The network_node_url property specifies the URL of the Starknet node we want to connect to. The sources property is an array of objects that define the smart contract addresses and their respective events we want to index. In this example, we're tracking a list of posts and authors, and listening to the new_post event emitted by the smart contract deployed at 0x04d10712e72b971262f5df09506bbdbdd7f729724030fa909e8c8e7ac2fd0012. The start property specifies the block number from which Checkpoint starts scanning. The deploy_fn and fn properties are the names of the data writer functions to be invoked when the contract deployment and new_post events are encountered respectively.

Step 4: Defining GraphQL Entity Schemas

Checkpoint requires a set of defined GraphQL Schema Objects. These schema objects will be used to create the database tables for indexing records and also generate GraphQL queries for accessing the indexed data.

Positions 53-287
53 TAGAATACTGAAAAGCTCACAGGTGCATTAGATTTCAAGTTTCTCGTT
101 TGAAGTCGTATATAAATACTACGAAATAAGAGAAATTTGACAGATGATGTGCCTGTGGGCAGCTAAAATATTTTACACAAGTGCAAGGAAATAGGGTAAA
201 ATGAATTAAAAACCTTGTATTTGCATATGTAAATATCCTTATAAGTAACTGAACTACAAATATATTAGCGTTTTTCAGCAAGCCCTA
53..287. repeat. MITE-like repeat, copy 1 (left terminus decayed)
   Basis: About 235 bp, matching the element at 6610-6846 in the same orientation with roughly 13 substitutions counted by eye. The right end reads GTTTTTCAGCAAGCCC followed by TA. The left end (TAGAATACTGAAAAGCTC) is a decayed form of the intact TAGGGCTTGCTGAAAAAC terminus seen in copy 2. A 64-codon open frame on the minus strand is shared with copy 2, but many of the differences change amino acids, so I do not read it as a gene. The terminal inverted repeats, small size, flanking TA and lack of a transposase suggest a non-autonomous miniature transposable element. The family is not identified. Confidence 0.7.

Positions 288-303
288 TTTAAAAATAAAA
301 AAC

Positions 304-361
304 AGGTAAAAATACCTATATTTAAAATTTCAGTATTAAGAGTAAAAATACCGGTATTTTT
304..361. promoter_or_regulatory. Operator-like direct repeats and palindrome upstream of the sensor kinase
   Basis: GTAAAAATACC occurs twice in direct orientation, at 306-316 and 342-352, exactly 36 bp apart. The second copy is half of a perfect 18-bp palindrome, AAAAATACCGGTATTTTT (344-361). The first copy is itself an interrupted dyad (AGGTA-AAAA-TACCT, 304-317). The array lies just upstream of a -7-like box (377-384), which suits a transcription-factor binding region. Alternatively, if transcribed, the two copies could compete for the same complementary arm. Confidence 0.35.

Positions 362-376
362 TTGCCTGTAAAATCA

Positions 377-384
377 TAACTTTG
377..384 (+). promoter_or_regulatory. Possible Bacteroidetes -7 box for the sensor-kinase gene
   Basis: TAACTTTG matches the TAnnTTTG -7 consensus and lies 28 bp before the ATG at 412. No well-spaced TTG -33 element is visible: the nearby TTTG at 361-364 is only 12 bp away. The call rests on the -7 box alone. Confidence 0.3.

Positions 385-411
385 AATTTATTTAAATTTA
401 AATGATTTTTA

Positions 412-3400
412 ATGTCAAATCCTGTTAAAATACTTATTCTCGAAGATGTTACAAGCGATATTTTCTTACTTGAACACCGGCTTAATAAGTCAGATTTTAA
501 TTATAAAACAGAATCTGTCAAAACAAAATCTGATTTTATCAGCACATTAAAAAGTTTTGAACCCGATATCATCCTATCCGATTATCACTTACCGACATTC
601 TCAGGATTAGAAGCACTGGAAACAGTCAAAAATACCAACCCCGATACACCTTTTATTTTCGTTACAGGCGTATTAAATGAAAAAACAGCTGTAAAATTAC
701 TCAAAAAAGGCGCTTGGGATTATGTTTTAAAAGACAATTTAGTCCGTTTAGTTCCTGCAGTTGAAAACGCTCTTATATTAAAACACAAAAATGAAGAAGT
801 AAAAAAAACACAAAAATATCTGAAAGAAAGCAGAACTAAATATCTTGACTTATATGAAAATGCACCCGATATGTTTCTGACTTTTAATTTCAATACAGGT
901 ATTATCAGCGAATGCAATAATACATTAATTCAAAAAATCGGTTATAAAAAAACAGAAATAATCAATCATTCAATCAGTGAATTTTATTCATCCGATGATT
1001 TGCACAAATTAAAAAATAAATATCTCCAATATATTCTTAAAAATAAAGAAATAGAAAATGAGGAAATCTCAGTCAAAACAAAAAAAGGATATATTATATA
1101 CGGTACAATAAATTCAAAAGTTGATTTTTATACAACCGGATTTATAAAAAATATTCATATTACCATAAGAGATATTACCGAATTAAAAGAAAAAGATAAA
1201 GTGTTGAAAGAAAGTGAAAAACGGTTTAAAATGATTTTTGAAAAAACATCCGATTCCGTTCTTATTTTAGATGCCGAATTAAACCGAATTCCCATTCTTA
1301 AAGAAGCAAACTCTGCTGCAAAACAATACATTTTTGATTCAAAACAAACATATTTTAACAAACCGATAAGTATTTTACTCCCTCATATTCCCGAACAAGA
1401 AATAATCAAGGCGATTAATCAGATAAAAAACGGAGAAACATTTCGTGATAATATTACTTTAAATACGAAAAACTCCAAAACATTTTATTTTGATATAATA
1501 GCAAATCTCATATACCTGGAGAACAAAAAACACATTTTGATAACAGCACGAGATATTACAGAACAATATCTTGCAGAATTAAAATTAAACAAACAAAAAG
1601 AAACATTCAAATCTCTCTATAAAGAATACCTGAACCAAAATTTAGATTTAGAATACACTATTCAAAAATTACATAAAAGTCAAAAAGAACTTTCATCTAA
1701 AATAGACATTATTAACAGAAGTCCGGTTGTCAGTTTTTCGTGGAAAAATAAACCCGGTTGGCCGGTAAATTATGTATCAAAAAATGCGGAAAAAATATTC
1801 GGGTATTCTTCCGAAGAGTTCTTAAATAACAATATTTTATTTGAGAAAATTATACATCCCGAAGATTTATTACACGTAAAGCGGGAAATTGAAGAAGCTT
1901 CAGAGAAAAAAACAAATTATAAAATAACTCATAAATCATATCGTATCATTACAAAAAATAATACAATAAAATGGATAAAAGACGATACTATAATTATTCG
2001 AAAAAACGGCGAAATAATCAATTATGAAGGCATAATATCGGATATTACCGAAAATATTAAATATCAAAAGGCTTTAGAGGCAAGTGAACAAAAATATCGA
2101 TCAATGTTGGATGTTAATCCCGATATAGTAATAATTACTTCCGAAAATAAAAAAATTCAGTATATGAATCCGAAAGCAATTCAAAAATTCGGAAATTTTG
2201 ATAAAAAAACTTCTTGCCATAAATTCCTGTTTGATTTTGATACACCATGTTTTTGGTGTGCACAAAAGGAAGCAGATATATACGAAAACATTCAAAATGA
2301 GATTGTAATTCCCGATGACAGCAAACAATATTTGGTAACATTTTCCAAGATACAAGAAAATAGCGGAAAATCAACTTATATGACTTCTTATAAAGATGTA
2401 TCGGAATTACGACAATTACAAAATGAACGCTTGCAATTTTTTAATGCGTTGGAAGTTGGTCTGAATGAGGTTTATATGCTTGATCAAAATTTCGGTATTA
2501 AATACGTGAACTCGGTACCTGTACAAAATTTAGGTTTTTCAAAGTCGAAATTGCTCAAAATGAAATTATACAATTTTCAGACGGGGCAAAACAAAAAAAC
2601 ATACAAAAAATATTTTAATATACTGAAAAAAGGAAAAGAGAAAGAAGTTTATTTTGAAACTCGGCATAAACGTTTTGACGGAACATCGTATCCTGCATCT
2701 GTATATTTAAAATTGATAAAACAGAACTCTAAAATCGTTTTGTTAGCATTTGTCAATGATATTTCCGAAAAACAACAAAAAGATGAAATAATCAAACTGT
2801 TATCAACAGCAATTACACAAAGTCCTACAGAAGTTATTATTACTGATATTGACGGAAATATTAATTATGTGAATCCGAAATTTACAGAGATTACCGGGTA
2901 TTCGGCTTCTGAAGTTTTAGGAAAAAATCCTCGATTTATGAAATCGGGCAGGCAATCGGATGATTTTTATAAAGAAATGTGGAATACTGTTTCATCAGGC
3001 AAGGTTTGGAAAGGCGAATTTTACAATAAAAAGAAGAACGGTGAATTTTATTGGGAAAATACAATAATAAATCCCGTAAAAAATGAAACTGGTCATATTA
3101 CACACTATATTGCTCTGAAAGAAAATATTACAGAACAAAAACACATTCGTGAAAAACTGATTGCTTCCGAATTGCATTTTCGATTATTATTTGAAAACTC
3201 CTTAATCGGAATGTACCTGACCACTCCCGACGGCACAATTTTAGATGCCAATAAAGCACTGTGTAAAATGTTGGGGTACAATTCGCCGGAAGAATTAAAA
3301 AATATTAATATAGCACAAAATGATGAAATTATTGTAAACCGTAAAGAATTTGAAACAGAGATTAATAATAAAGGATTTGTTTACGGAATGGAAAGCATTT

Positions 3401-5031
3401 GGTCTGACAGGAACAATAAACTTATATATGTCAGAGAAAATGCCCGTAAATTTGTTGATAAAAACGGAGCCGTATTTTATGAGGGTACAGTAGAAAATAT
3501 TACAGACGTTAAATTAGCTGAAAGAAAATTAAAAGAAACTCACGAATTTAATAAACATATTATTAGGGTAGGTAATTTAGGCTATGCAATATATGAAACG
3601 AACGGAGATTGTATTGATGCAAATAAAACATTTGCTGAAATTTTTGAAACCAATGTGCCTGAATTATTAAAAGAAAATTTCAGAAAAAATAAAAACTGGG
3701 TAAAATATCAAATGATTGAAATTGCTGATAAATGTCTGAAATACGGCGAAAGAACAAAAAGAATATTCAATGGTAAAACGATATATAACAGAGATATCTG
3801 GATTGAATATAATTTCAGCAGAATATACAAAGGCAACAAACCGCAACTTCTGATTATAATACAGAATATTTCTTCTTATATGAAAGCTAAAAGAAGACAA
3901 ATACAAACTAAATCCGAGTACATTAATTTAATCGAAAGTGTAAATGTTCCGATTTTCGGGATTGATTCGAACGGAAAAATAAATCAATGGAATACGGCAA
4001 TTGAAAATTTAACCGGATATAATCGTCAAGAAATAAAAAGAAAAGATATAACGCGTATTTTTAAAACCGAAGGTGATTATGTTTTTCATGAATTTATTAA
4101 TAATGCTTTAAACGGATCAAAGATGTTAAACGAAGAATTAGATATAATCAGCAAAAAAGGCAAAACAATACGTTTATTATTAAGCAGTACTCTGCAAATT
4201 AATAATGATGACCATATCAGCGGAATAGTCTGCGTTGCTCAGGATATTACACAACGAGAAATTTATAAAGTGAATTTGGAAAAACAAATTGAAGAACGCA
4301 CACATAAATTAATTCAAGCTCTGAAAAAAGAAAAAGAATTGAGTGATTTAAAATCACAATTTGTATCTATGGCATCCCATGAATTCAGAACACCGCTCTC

In the src directory, create a file named schema.gql and define the schema for the Post entity we'll be tracking:

type Post {
  id: String!
  author: String!
  created_at_block: Int!

Checkpoint will use the above entity (Post) to generate a MySQL database table named posts with columns matching the defined fields. It will also generate a list of GraphQL queries to enable querying indexed data.

Step 5: Creating Data Writers

Data writers are typescript functions that get invoked by Checkpoint when it discovers a block containing a relevant event. A data writer is responsible for writing records to the database. These records will eventually be exposed via Checkpoint's GraphQL endpoint.

In the src directory, create a file named writers.ts and define the data writer functions for the handleDeploy and handleNewPost events:

import { hexStrArrToStr, toAddress } from './utils';
import type { CheckpointWriter } from '@snapshot-labs/checkpoint';
import { Post } from '../.checkpoint/models';

export async function handleDeploy() {
  // Run logic as at the time Contract was deployed.

// This decodes the new_post events data and stores successfully